This is a question that I’m not going to be particularly good at answering. After all, I’m known as “Data Guy,” not “Literary Subjective Opinion Guy.” [Laughs] But with that said, first off, I have no particular feelings about the Big Five publishers, positive or negative. And I think this makes me a little different than a lot of the folks we hear from on various author groups. I’m a brand new author and a new entrant into this industry. I’ve never submitted a query to anyone. I hear a lot of this angst, and there seems to be bad blood one way or another. It’s just lost on me. I don’t get it. I get that some people in this industry feel very strongly about the things that have happened in the past, but for me it’s just a brand new, wide-open field. Let’s see what there is to learn.

With that said, I do think that today’s wide-open, democratic world of publishing is a good thing. It’s been a tremendous boon for literary culture and freedom of expression. The gatekeepers were an economic necessity in the past. It wasn’t so much about quality, although these two concepts tend to get tangled a lot, because nobody wants to think of themselves as just serving an economic function alone when working in the arts. It was more about choosing which manuscripts were worth taking a financial risk on. Well, today that risk is largely mediated by the fact that you don’t have to take a big risk to get a book out there in the public eye. At the end of the day, the only gatekeepers that matter are readers.

Link to the rest at Digital Book World

What REALLY Sold in 2016?

9 February 2017

From SFWA:

Finishing the book can seem like such a step forward!  Pop the champagne!

But then the author sits down to contemplate publishing.  Oh, the thorny questions!  Try for a commercial publisher?  Do the self publishing route?  Bring it out as an ebook only?  Pay for print layout and an ISBN and bring it out as print?

So many questions!

It can raise anyone’s blood pressure!

The latest on, a good source of ‘who’s making what’ information, is that the times they are a’changin’ for today’s authors.  Maybe that stubborn determination to find an agent and get picked up by a NY publisher so that your book ends up in Barnes and Noble isn’t really worth the (huge) effort.

. . . .

Every genre has its own print-versus-ebook profile. Some genres are populated by big ebook readers while others have readers who still go for print. So there is no single answer for that question. There can be a difference even within a genre, depending on the age and gender of your readers. That’s always something I consider when I’m evaluating a book — who is the readership and what do they read?

. . . .

Print books used to be purchased pretty exclusively in brick and mortar bookstores.  It is nearly impossible for small commercial publishers and self published authors to get books onto those bookstore shelves, and authors sometimes come out losing money when they do because of bookstore ‘return’ requirements.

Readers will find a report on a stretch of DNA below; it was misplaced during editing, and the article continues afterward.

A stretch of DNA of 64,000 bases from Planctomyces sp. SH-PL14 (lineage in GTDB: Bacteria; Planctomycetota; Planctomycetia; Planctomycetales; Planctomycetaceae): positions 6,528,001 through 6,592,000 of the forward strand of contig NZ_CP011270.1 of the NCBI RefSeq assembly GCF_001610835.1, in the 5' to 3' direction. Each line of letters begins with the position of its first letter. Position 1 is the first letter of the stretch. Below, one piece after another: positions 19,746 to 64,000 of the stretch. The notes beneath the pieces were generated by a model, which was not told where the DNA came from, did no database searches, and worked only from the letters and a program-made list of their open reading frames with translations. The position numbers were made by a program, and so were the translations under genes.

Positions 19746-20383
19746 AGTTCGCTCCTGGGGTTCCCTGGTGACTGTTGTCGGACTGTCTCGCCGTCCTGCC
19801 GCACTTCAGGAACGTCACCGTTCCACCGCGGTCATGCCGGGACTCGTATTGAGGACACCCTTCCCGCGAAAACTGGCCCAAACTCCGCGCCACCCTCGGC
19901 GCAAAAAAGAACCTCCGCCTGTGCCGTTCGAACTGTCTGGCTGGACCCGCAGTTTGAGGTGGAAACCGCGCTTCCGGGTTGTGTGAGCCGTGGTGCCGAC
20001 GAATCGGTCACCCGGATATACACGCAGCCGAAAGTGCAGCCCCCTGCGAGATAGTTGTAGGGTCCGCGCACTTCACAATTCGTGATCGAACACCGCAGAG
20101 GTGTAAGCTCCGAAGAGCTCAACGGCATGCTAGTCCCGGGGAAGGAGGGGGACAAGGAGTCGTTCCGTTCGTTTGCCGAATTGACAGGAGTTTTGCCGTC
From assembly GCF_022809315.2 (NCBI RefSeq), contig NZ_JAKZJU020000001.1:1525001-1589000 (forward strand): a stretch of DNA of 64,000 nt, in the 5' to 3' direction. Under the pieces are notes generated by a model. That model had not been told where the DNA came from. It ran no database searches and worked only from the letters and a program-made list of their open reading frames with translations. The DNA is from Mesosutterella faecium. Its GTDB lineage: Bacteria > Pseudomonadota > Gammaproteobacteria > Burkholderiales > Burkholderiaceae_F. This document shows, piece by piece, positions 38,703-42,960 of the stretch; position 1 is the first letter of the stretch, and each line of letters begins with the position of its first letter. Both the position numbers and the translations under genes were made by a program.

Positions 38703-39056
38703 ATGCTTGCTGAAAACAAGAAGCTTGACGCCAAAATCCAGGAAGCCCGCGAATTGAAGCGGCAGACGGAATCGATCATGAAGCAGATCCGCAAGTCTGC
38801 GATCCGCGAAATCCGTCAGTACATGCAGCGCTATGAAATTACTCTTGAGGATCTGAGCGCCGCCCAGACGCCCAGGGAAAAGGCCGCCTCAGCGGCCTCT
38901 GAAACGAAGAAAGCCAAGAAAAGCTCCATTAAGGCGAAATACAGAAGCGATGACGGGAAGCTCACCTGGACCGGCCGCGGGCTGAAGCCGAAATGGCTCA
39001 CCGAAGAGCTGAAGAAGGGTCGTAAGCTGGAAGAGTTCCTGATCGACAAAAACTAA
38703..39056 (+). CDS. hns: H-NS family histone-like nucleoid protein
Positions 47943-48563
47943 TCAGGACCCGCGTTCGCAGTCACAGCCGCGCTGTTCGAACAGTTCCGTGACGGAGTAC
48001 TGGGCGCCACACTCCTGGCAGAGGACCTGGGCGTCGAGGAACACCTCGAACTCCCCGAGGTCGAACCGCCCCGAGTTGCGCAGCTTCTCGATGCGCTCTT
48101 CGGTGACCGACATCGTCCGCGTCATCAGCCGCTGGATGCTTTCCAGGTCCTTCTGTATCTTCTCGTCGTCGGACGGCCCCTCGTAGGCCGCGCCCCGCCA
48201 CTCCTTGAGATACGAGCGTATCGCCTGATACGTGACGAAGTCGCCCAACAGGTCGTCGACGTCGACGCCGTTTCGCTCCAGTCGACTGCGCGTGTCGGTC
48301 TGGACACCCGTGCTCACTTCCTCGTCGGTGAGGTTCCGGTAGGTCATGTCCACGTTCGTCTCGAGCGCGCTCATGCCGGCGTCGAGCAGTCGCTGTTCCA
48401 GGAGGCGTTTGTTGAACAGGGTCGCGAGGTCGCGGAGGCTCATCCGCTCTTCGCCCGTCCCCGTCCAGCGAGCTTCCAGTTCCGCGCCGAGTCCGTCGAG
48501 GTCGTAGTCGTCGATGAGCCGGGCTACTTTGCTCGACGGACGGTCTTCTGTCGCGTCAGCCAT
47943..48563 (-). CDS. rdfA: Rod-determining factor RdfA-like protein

But now?

In 2016, 43% of all traditionally published books were purchased online.  Now, THAT is a reason to break out the champagne!  Why?  Because most readers pay little to no attention to the publisher.  As long as the small press or self published book looks professional and has a professional looking cover,  it’s competitive with books from the ‘bookstore’ publishers.  If your ebook or print book includes those 5 critical elements for success and looks like the other professionally published books out there, readers don’t care who published it.  They’ll look at price.

. . . .

In 2016, 21,800,000 self published print books were sold, mostly published through Create Space. The average price was $10.34. Amazon imprints sold another 959,000 copies.

Link to the rest at SFWA

Despite What You Heard, The E-Book Market Never Stopped Growing

19 January 2017


Over the last year, we’ve been talking to writers like A.G. Riddle who have been making a more than comfortable living selling e-books directly to readers on Amazon. That’s why it’s always seemed a bit strange to see media accounts reporting on the shrinking market for e-books.

News outlets like The New York Times report that e-book sales continue to slip, which is true if the data only covers part of the market. Reports from the Association of American Publishers has data from 1,200 publishers. They are the largest publishers, but they are also losing market share.

E-book sales never declined, according to a presentation yesterday at Digital Book World in New York City. In fact, if anything, we don’t yet have an adequate way to estimate how much the market segment has grown.

In back-to-back presentations from from the data site Author Earnings and publishing tech firm Overdrive, it became clear that “unit sales” may not be the best way to measure the size of the book market. In more and more ways it’s becoming clear that there are additional ways for writers to earn money than by readers buying whole books or even buying books at all.


. . . .

E-books, Data Guy told the crowd, “Never stopped growing.”

It looks as though sales stuttered because traditional publishers have been losing market share to indie authors who publish directly through online platforms. Amazon is by far the largest of these platforms.

. . . .

Reports on the e-book market tend to ignore Kindle Unlimited, Amazon’s Netflix for ebooks. Amazon splits up each month’s Kindle Unlimited revenue among participating authors based on how many pages members read.

Science-fiction author Hugh Howey said that being part of the program increased his revenue so much that it was worth pulling his books from all other platforms, such as Kobo and iBooks.

Data Guy acknowledged that some industry watchers might argue that a Kindle Unlimited download isn’t really a sale, but Author Earnings takes the position that any money in a writer’s pocket counts.

. . . .


Local book stores saw a 5 percent growth in sales last year, but every other channel (such as big stores, Walmart and etc) saw a 5 percent decline. Those channels were so much larger that local stores’ growth was more than made up for by the declines everywhere else. “Perhaps 10 fold,” Data Guy said.

Let’s hear it for your favorite local shop, but the truth is that Amazon has been the one closing those new print sales.


Link to the rest at and thanks to Nirmala for the tip.